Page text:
See Kinky Run

How's my semi-serious, nontraditional, not-entirely-implausible campaign for governor going? Glad you asked.

MANY MOONS AGO I WROTE a rather whimsical column about the possibility of my running for—or more accurately, taking a leisurely stroll toward—the high and mighty office of governor of Texas ("Oaf of Office," March 2003). There have been a number of interesting developments since then, and not all of them have transpired entirely within the febrile confines of my gray-matter department. There actually does seem to be genuine support for my candidacy. A good bit of it, unfortunately, appears to be emanating from the Bandera Home for the Bewildered.

In Washington last October, the president himself promised me that if I ran, he would be my "one-man focus group." During the same White House visit, I had a cordial meeting in a hallway with Colin Powell and later found myself in the men's room with Donald Rumsfeld. Though neither man offered to help with my campaign, I did mention to Rummy that he was not the most famous person I'd ever wee-wee'd next to. The most famous, I told him, was Groucho Marx. Rummy told me he couldn't touch that one but that his wife had once danced with Jimmy Durante.

A few weeks later, at the Texas Book Festival, my campaign won the support of Molly Ivins after she asked me point-blank why I was running. "Why the hell not?" I replied. "Beautiful," she said. " That's your campaign slogan." Any candidate for governor who has the support of both George W. and Molly can't be all bad.

Texas, as Molly pointed out, has a tradition of singing governors. I thought back to Pappy O'Daniel's successful race for that esteemed office in the forties. He had a band called the Light Crust Doughboys. I had a band called the Texas Jewboys. His slogan was "Pass the biscuits, Pappy." One of my most popular songs is "Get Your Biscuits in the Oven (And Your Buns in the Bed)." The parallels are uncanny.

Thus, with George and Molly aboard, I felt empowered enough to do an interview with the Kerrville Daily Times, break the news to my friend U.S. congressman Lamar Smith, and green-light a first printing of bumper stickers that read "He ain't Kinky. He's my governor." The Kerrville paper trumpeted my interview on page one, the bumper stickers proliferated throughout the Hill Country faster than jackrabbits, and Lamar suggested that the race, quixotic as it might seem, would be a no-lose proposition. "You'll come out of this," he predicted, "with a book, a wife, or the governorship." I don't want a wife, I told him. I'm already married to Texas.

It was around this time that some people began asking me if the whole thing was a joke. For some reason this rankled me more than I'd expected. I'd always seen myself, in the words of Billy Joe Shaver, as a serious soul nobody took seriously. Why should they take me seriously now? But I wasn't about to retire in a petulant snit to a goat farm for sixteen years. I would tell them the truth with humor, for humor always sails dangerously close to the truth. Some things are too important to be taken seriously, I told them. The question, I added, is whether my candidacy is a joke or whether the current crop of politicians is the joke.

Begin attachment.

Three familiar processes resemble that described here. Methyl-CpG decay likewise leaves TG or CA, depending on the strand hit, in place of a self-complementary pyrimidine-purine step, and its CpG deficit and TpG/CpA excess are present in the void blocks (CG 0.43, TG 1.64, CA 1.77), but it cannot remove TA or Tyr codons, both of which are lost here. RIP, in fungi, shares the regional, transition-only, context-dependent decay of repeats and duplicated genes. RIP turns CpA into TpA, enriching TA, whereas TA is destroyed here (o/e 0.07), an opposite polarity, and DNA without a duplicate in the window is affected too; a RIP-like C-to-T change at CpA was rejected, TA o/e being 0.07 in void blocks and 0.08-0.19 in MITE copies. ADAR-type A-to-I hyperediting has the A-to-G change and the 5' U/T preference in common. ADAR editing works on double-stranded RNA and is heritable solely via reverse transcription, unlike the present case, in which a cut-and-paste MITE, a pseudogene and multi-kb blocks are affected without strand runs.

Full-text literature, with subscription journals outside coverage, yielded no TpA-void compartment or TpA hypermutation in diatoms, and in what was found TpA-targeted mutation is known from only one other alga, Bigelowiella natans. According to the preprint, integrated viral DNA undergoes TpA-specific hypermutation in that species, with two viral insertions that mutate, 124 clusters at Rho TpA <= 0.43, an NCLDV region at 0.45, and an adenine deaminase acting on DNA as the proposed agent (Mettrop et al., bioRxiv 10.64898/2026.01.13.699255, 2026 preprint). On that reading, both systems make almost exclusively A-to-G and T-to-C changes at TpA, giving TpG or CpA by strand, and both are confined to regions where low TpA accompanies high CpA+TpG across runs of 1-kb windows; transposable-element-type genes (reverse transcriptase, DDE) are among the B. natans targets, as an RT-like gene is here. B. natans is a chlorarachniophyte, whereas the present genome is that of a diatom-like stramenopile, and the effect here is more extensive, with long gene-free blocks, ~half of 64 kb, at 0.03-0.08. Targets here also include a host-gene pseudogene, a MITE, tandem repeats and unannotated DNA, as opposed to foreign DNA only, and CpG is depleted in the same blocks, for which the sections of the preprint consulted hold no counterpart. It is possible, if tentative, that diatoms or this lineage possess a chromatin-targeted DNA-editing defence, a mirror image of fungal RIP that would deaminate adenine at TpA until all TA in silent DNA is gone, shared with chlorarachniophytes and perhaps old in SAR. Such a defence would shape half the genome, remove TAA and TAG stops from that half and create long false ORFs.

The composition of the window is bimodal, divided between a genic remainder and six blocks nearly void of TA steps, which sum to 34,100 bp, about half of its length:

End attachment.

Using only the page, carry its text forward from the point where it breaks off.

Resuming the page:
But there was a time in late November when I didn't have such a positive attitude. I paced back and forth in my log cabin, wondering if I was bound for the Governor's Mansion or the mental hospital. I was so uncertain of my chances at that dark time that if I'd been elected, I would have demanded a recount. Did I dare dream the impossible dream? Go for the long shot? Then the phone rang. The caller said he was from the Times. "That was some interview you guys did," I said. "What interview?" asked the guy. "Isn't this the Kerrville Times ?" I asked. "No," he said. "It's the New York Times ."

The Times story, headlined "Guess Who Wants to Be Governor," ran on Saturday, November 29, a day that will live in infamy in the minds of those who wish to perpetuate the politics of the status quo. The switchboard at the ranch lit up like a Christmas tree in Las Vegas. Fielding the congratulatory calls and offers of support was a daunting task, but I tried to be as gracious as possible. I told them all I'd get back to them in about two years.

But the calls kept coming. My old pal Tom Waits offered to come down and help the campaign, as did Willie Nelson, Dwight Yoakam, Robert Duvall, Billy Bob Thornton, Jim Nabors, Jerry Jeff Walker, Lily Tomlin, and Johnny Depp. In addition to this galaxy of stars, Penn and Teller, the Las Vegas magicians, promised to come to Texas and "make the opposition disappear." Meanwhile, Craven and Nancy Green, the parents of a struggling young songwriter named Pat Green, came up to the ranch from Waco. They brought with them the Sunday Waco Tribune-Herald, which had carried the New York Times story. "It's on page one," they said excitedly, but they seemed a bit hesitant to show me. After some badgering, I got them to hand me the paper. The story was there, all right, but the Waco editors had changed the headline to read "Uncouth Hopeful Eyes Governorship." The campaign was already getting personal.

So what kind of governor would I be? When I was in Washington, George W. asked me what my platform was. I didn't really have an answer at the time, but I've had a chance to think it over. Next time I see him, this is what I'll say: "My platform, Mr. President, is that I'm not a politician. My platform is that I'm not a bureaucrat. My platform is that I'm a writer of fiction who speaks the truth. My platform is to fight the wussification of this great state, to rise

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